My camera skills are not amazing but I like to capture my moments in my life that are important with as little distraction to everyone else. I take a lot of pictures and it is always great when the girlfriend flicks through my pictures and asks me when I took those and that she never knew I took them. Next thing I know she is uploading them to our print center and putting them in some scrapbook.

Posted via Android Central App

Recently, I printed photos taken with my old Motorola Razr flip, and I think the pictures look great.

Posted via AC App on HTC One

Alot of pictures I took with my galaxy s4 are out of focus, while my iphone 5 always got great shots. Well be getting oneplus one soon, also ordering a lumia 1020 on ebay to use as my camera.

Posted via Android Central App

When I'm just out and about, yes. But if I go on a vacation, or some event, such as a concert, or fair, etc, I'll bring a point and shoot, or the wife will bring her DSLR. You get much better pictures using a dedicated camera.

I use it to snap quick photos,selfies, and short videos on vacation; Google stories and auto awesome for videos its really good and convenient. But, when it comes to something I want to print out and frame, or put up for a contest I usually fall back to my DSLR

I guess it would really matter what phone you have. If I had a phone with a crappy camera then no I wouldn't use my phone for pics. I have the Xperia Z1S and it takes amazing pics... haven't touched a dedicated camera since. I just always have my phone on me in my pocket which is way more convenient than carrying another device.

I voted yes. I used to want something like a Canon S120 but not anymore. At this point, cameras on phones are so good, more convenient to carry, and pics and videos can be shared immediately.

No, I have a Sony RX100 for pocket use and have 2 DSLRs for anything more advanced. I only really use the phone camera for snapchat and whatsapp.

Yes, but I use my point-and-shoot during vacations. And I have lots of recent photos taken by professional photographers (weddings, grad/senior pictures, and other special occasions).

Posted via AC App on HTC One

I went to Alaska last summer, armed only with my old S3. Most of the pictures turned out great. Didn't regret not bringing my old point and shoot. In fact my only regret now is that I didn't have my g2 at that time.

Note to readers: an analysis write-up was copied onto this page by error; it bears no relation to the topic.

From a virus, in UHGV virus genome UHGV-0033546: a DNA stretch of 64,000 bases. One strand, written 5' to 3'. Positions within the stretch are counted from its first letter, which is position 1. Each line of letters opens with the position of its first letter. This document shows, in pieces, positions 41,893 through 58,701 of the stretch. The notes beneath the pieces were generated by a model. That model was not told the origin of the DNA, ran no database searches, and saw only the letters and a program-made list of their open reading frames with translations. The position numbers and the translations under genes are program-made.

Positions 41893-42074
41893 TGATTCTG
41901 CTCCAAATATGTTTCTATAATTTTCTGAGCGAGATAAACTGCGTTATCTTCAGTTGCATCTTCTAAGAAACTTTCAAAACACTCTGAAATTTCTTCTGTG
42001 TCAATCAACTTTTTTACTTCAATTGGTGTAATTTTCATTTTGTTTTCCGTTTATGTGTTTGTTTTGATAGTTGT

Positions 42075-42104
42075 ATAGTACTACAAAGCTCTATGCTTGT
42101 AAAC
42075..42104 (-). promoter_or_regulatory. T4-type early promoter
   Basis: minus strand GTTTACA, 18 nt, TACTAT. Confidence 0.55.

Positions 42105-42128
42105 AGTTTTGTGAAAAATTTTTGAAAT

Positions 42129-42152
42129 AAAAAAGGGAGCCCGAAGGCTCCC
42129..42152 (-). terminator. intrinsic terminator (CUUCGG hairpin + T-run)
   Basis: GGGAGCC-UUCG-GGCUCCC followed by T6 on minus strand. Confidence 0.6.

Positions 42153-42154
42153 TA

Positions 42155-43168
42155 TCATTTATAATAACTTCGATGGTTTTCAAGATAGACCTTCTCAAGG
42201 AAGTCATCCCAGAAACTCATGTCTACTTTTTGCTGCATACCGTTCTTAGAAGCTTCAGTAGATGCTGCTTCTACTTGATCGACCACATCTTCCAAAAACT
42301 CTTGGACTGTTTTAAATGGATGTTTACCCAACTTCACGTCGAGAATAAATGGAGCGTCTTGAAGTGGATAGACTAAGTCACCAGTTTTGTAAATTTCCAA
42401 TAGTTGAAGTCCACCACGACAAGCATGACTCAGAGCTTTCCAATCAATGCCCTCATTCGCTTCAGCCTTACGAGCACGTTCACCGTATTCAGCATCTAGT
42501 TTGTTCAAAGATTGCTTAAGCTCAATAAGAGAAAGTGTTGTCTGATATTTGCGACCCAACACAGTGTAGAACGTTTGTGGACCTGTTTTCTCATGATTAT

I'm not into picture-taking that much, so my phone's camera is sufficient for my desires. The first camera that I bought (outside of disposables) was the iPhone 4.

I use my S4 as my everyday camera, but I'd love to see Samsung update the firmware so that I can get access to my camera from my pin locked screen. Come on guess, make it happen. I know there's the security, but can't you make it that I can take a picture from my pin locked screen, but not have access to the photo gallery from said screen? INNOVATION! It already exist in the nexus, so bring it to the Galaxy

"Full time camera". Hummm. For snapshots, yes, since I always have my phone with me. Great for taking quick photos, posting to Facebook. For other stuff, like photographing animals, special events, landscapes, I still use my Nikon. Lenses make all the difference. If you're 500 feet from a small animal, I need my 400mm lens. Smart phone won't cut it. At the same time, I don't lug the SLR around all the time, so for those impromptu shots, the phone is perfect. Both SLRs and camera phones have their advantages.

Do I, as a casual user need DSLR results? No, which is why peple still hire professional photographers at events that still matter, like weddings. I agree, no amount of filters from a phone app can compensate for quality photography taken by a DSLR and editedit with desktop software, but for most of us, our smartphones are good enough.

Posted via Android Central App